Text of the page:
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Opera union launches investigation into Domingo allegations

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Opera star Placido Domingo salutes spectators at the end of a concert in Szeged, Hungary, on Aug. 28. The union that represents opera performers has launched its own investigation into sexual harassment allegations against Domingo, saying it cannot be sure that opera companies will delve into them sufficiently themselves.

NEW YORK >> The union that represents opera performers and staff has launched its own investigation into sexual harassment allegations against superstar Placido Domingo, saying it cannot be sure that opera companies will delve into them sufficiently themselves.

The American Guild of Musical Artists said its investigation was prompted by two Associated Press stories in which multiple women accused the opera legend of sexual harassment or other inappropriate conduct.

The union sent an email to its members noting that it had asked companies that employed the 78-year old singer to fully investigate the allegations, but that the companies “have been unwilling or unable to provide AGMA with sufficient assurances about the scope and timing of their investigations, as well as whether or not the findings will be publicly disclosed or otherwise made available to the union.”

The Los Angeles Opera, where Domingo has served as general director since 2003, has hired outside counsel to conduct an investigation but has declined to disclose any details about how it will be conducted or whether the results will be made public.

The union’s email, sent to members Friday night, said its investigation will be conducted by criminal defense attorney J. Bruce Maffeo, a former federal prosecutor now with the firm Cozen O’Connor.

It quoted Len Egert, the union’s national executive director, as saying the investigation would not be limited to conduct at a specific company or during a specific time. Egert said the investigation will “examine the systemic failures within the industry that could have allowed this conduct, if substantiated, to continue unchallenged for decades.”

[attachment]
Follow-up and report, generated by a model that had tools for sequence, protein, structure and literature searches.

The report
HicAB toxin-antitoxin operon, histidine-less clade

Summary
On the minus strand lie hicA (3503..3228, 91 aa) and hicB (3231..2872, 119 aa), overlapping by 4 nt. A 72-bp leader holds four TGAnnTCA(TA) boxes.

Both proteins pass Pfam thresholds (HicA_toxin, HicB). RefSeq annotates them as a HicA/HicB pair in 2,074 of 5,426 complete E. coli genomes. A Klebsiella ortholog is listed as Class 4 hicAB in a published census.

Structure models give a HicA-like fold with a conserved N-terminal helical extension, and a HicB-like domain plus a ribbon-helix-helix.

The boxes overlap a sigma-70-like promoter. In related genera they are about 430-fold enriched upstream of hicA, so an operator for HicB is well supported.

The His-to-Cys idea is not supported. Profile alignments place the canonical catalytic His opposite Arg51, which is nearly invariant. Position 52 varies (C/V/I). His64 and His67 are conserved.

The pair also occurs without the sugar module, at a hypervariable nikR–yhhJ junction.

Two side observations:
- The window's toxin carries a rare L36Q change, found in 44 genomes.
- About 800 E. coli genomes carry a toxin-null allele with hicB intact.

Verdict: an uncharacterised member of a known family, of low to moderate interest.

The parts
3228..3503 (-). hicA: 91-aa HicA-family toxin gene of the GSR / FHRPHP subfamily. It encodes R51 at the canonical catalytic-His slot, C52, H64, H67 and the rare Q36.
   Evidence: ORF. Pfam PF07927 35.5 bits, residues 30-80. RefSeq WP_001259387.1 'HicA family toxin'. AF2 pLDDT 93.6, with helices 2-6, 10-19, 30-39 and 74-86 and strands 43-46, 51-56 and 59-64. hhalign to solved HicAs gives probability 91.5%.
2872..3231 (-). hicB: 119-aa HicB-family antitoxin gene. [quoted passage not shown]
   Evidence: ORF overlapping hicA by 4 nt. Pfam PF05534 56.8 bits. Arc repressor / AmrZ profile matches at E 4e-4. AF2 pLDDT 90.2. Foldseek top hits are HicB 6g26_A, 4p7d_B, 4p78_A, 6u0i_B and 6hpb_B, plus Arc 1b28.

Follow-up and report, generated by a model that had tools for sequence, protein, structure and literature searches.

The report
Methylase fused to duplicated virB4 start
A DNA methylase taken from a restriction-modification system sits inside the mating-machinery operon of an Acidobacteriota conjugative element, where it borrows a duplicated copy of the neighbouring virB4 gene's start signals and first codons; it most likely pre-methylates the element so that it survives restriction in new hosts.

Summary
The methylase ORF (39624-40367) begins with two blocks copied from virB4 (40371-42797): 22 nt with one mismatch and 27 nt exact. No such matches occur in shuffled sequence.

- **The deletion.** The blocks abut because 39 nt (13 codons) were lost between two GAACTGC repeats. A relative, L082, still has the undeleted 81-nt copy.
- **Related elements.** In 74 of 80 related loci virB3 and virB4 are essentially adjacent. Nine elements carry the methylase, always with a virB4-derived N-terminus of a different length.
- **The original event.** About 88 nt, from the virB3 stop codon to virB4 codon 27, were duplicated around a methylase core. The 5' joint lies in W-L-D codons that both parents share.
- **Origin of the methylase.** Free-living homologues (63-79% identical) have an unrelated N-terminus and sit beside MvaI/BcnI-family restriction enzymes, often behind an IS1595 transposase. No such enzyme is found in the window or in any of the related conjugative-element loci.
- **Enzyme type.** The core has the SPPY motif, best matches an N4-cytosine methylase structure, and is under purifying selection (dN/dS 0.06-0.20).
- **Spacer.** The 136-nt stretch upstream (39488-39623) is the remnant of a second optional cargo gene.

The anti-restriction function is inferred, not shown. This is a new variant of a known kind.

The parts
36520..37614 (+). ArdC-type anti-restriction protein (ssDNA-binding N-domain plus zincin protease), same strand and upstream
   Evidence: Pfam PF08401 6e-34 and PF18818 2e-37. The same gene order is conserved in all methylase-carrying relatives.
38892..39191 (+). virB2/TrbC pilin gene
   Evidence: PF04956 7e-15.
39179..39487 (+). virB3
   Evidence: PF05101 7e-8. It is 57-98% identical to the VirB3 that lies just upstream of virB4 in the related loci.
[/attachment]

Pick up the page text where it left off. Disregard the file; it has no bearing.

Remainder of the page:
Domingo’s spokeswoman has called the allegations in the AP’s stories “riddled with inconsistencies” and “in many ways, simply incorrect,” but has offered no specifics.

In AP’s initial Aug. 13 story, numerous women accused the long-married, Spanish-born superstar of sexual harassment or inappropriate, sexually charged behavior and of sometimes damaging their careers if they rejected him.

In a follow-up story published Thursday, singer Angela Turner Wilson told the AP that Domingo reached into her robe and forcefully grabbed her breast in a makeup room during a 1999 production at the Washington Opera, as the company was then called.

Washington National Opera issued a statement saying it was “disturbed and disheartened” by the new allegations, but did not say whether it planned to investigate them.

Other women came forward to share new stories about encounters with Domingo that they said included unwanted touching, persistent requests for private get-togethers and sudden attempts to kiss them on the lips.

Several backstage employees described for the AP how they strove to shield young women from the star as administrators looked the other way.

The union did not immediately return a call from the AP to further discuss its investigation.

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